On Sunday, the world lost the wonder of Pam Blackmon-Bailey. After a lifelong struggle with her own body, she now rests in peace. She leaves behind her husband Craig and three teenage daughters.
Pam was one of my best friends during my time at OBU and one of the reasons I moved to Greensboro those many years ago. We met through mutual friends and over time I was moved to think of her as an amazing woman. From her steady inquisitiveness to her intuitive insights, she was always curious about other people’s lives and troubles, and when she found a solution, she insisted on helping you to find your resolution. She cared. She was inquisitive and steadfast.
I never knew a single soul who found wrong in her.
The last time I saw her was one whirlwind weekend in 1999. She was visiting her sister Stephanie in Little Rock and invited me to come up from Texarkana to hang out with her and her then-boyfriend Craig. We hung out and watched movies, went to bookstores, drank coffee, made dinner, the usual young adult stuff. I went home that Sunday not really knowing that was our last time within hugging range.
I take it for granted that most of my old friends, the ones who I cherish in memory and history, are on social media and that I keep in touch on a semi-regular basis. But I overlook the ones who aren’t there by choice until it’s too late.
You never know where life will take you. But you can know for certain who it will take you from. Don’t let them out of your sight.
What is the worth of unconditional love? It’s worth could be in its ever-presence, in the fact that it’s always available. However, you don’t have to work for it. You don’t have to earn it. You don’t pay anything for it. It’s free. So what is it worth?
Something given unconditionally is there when you deserve it, and it’s there when you don’t deserve it. It’s value does not fluctuate, therefore it is essentially valueless. It’s a given. It can be ignored.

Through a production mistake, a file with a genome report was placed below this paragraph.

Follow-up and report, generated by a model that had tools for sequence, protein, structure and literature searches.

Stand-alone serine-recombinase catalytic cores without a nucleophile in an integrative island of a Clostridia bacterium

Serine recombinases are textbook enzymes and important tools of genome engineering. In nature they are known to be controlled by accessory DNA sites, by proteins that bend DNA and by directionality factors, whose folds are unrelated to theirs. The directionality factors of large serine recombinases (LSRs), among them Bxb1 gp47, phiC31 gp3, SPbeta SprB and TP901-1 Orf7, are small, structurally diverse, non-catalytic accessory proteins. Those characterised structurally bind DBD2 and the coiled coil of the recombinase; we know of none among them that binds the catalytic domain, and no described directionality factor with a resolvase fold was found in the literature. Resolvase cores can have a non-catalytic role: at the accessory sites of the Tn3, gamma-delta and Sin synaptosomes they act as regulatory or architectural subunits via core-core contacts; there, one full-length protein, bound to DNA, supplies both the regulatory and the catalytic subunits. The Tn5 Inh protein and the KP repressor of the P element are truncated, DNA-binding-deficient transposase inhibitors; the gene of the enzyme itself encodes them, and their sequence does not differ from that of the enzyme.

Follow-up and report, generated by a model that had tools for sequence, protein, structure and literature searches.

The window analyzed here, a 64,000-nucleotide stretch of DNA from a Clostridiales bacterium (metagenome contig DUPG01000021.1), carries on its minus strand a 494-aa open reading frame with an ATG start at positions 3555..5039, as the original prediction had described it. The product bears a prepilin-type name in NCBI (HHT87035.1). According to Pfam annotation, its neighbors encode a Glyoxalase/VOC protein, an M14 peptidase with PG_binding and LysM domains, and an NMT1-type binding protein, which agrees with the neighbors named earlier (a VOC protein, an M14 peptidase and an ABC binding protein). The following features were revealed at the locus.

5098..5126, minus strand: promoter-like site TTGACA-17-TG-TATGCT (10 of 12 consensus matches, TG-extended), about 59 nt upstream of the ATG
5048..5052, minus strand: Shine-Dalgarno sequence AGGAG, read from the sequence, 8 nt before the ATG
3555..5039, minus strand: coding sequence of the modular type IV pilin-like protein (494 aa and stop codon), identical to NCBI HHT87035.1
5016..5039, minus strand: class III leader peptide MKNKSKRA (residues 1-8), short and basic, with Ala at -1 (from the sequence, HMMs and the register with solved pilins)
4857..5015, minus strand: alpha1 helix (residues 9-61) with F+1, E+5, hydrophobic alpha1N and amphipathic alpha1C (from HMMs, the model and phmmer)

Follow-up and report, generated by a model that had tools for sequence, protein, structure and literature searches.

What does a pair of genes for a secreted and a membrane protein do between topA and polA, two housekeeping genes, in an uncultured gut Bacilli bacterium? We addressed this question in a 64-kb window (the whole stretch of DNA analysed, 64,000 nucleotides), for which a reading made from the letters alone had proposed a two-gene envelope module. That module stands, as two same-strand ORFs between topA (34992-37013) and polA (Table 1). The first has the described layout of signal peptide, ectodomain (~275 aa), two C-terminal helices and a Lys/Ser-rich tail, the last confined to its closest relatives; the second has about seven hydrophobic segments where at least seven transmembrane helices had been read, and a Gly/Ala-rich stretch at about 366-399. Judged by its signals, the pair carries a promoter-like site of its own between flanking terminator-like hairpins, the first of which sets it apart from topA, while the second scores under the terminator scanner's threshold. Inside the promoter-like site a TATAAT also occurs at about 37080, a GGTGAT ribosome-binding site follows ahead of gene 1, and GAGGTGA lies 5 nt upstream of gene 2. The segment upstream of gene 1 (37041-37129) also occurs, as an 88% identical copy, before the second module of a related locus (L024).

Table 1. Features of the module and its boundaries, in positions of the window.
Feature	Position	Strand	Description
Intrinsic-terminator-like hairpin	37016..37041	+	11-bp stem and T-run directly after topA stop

Wouldn’t something that’s hard-won, something fought for, something earned, worth so much more?
So what is it worth?
Sometimes, I feel like I could overachieve my goals, exceed my horizons, conquer the world, write the best stories, craft the best music, win the greatest triumphs, if only I had someone to do it for. If only I had one person to impress. Not the multitude of faces all around me all day, every day — one face. One person. One partner. One desire. One love. If there was one person I was trying to impress, I think that would be enough to push myself past the friction of stasis, past the “why bother”, to get the wheels rolling, to move the world. But there is no one, just everyone. I look around my apartment and see my projects half started. Sketches, notes, ideas, fragments. Everyone is not enough. The thought of a million eyes watching means my performance is personal. But to have two of the most important eyes watching makes it personable.
It is currently 69F outside, 80F inside, and I have a box fan in the screen door to blow in the cool night air. The smell of springtime has filled my dim apartment. There’s a certain florid smell that permeates the night, and I am so in love. The night mists rise as the winds breeze in from the Gulf, bringing the smell of damp ground coming back to life. The smell of river rot, the deep, soul-churning waves of nostalgia as the blossom of trees begin to limit our views and cause us to turn away from the stars to each other. We hide away from the heavens to live it up on warm earth. We are so in love.
As I dig through my old film negatives from the mid-90’s to catalog them while on a late-night bender, I have many thoughts, most happy. But among them, one sour thought sticks out like a thorn.
My lovelife in one sentence: “I liked you, but I did nothing about it.”
I guess the follow-on corollary is: “Through my inaction, the other guy took the bullet.”